Saturday, May 30, 2020

Pass the trash

I supervised union employees from 1995 until 2013.

95% of those employees are people I respected. They came to work every day. They did their jobs. They were (generally) pleasant to be around.

5% of those employees were a burr in everybody else's knickers. That five percent created more work for me, as a supervisor, than the other 95%.

The first "discipline" I was involved with took five hours of my time.

Later "disciplines" I was able to whip out in three hours, or so.

Every discipline was invariably "challenged". Often, my management would roll-over and expunge the discipline. The miscreant would be back with back-pay and a shit-eating smile. My management informed me "We got something we needed from the Union by erasing your discipline."

I saw 3-to-5 hours of my life wasted and my authority destroyed.

The Pareto Principle
Pareto was an Italian economist.

Pareto was the first person to document the idea of the significant few and the insignificant many. I think his original observation involved people who paid taxes. He postulated that a small number (say 20%) invariably paid the largest part (usually claimed to be 80%) of the taxes.

An industrial problem-solver stumbled upon the concept. He noticed that a small number of causes were responsible for a large percentage of the defects.

Sometimes the Pareto Principle is called the 80:20 rule.

Pass the Trash
My dad worked in education.

Teachers, in Michigan, have strong unions.

Some teachers were not able to do their jobs.

Some teachers were very inappropriate.

Some teachers were dangerous (shop, chemistry, physical education).

Every year, teachers who had "a problem" in one building were sent to a new building. It was called "passing the trash". Many, many times it was the same teachers who had to be moved.

Black Live Matter
Do Black Lives Matter more than Organized Labor?

Because that is where the chain of inquiry ends. Do the Byzantine contracts and Union bosses-backroom deals get a dose of transparency? Do the citizens that police are supposedly protecting matter?

Back to Pareto
If every police officer is an independent process, then it is reasonable to presume that some/most are not a problem. They may occasionally/rarely stumble into an unfortunately situation, but that is not the norm.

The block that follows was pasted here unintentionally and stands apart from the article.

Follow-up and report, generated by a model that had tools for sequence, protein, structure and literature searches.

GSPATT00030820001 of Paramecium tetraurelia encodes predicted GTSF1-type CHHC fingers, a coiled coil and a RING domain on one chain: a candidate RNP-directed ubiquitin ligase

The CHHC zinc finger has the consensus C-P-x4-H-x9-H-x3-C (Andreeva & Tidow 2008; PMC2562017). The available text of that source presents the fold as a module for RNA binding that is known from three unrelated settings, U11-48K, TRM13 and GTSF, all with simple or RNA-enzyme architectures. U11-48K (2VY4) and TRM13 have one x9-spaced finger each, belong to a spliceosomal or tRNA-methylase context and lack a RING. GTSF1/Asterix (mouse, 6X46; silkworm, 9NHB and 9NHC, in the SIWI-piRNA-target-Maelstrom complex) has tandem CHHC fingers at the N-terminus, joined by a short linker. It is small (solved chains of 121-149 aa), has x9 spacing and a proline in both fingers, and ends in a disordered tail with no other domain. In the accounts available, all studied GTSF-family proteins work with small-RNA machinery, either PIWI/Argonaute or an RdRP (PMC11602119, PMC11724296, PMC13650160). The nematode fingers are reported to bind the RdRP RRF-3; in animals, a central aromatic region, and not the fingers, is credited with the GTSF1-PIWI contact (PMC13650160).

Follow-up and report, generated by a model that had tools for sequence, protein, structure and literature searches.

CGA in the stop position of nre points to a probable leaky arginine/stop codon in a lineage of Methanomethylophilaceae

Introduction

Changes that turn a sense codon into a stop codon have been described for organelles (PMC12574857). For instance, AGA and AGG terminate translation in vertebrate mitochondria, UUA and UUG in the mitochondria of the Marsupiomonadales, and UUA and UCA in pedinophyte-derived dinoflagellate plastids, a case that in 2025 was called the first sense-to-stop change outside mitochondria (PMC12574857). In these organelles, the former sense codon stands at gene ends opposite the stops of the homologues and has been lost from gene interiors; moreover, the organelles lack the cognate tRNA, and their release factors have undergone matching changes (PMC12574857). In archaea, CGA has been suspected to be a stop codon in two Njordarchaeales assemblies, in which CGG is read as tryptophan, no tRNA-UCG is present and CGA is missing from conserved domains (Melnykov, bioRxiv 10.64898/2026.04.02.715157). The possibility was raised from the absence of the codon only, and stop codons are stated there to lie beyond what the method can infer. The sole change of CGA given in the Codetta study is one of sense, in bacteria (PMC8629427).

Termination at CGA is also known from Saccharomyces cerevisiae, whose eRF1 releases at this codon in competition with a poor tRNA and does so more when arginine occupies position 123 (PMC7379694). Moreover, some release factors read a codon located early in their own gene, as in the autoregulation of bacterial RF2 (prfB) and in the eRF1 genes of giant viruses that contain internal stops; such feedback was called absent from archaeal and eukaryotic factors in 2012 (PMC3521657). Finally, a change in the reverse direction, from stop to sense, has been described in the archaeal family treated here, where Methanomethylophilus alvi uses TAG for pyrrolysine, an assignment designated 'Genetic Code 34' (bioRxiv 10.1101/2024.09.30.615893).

On the other hand, there are a few officers (maybe 5%?) who are lightening rods for "complaints".

The thing about "complaints" is that complaints represent a very small slice of the problems generated by a given process. Bridgestone Tire Company recognized this and postulated something that became known as The Bridgestone Law of Quality.

One of the auto plants in town (Lansing General Motors, Plant 2), one that I never worked in, had a unique contract.

Supervision was allowed to issue discipline based on "patterns". For example, in a typical United Auto Workers contract the employee might be allowed to miss five days a year and as long as they called in an hour before starting time there was nothing the supervisor could do about it.

At LGMP2, the supervisor could issue discipline the third Friday the employee called in. You see, three makes a pattern.

If every-other missed day was a Friday, then the supervisor could issue discipline. There was a pattern.

Addressing Black Lives Matter in an effective way
If you don't change anything, then nothing is going to change.

If I ran the universe, I would allow people supervising police to put individual officers on-notice based on "patterns".

I would designate one person to handle the administrative burden of officers who are put on-notice for issues like excessive force. That way, supervisors (who already have a full work day) would not be tempted to look the other way because they don't want to deal with the extra five hours of work.

At the state level, I would pass legislation that indemnified agencies who black-balled "trash" lest they be passed from one agency to the next to the next. Because what happens now? When an officer starts getting too much heat in one police organization they move to another agency.

And what happens to the organization where he/she currently works if they do not give him/her a glowing recommendation? They get stuck with the toxic officer and are likely face a lawsuit for defaming the toxic officer's reputation.

An alternative would be to have the equivalent of the sex-offender registration list. Any officer who receives a complaint for excessive force (or something similar) gets it recorded in a database that is accessible to the public. If an agency hires an officer with multiple entries in the database...well, they get to explain it if that officer has issues in their community.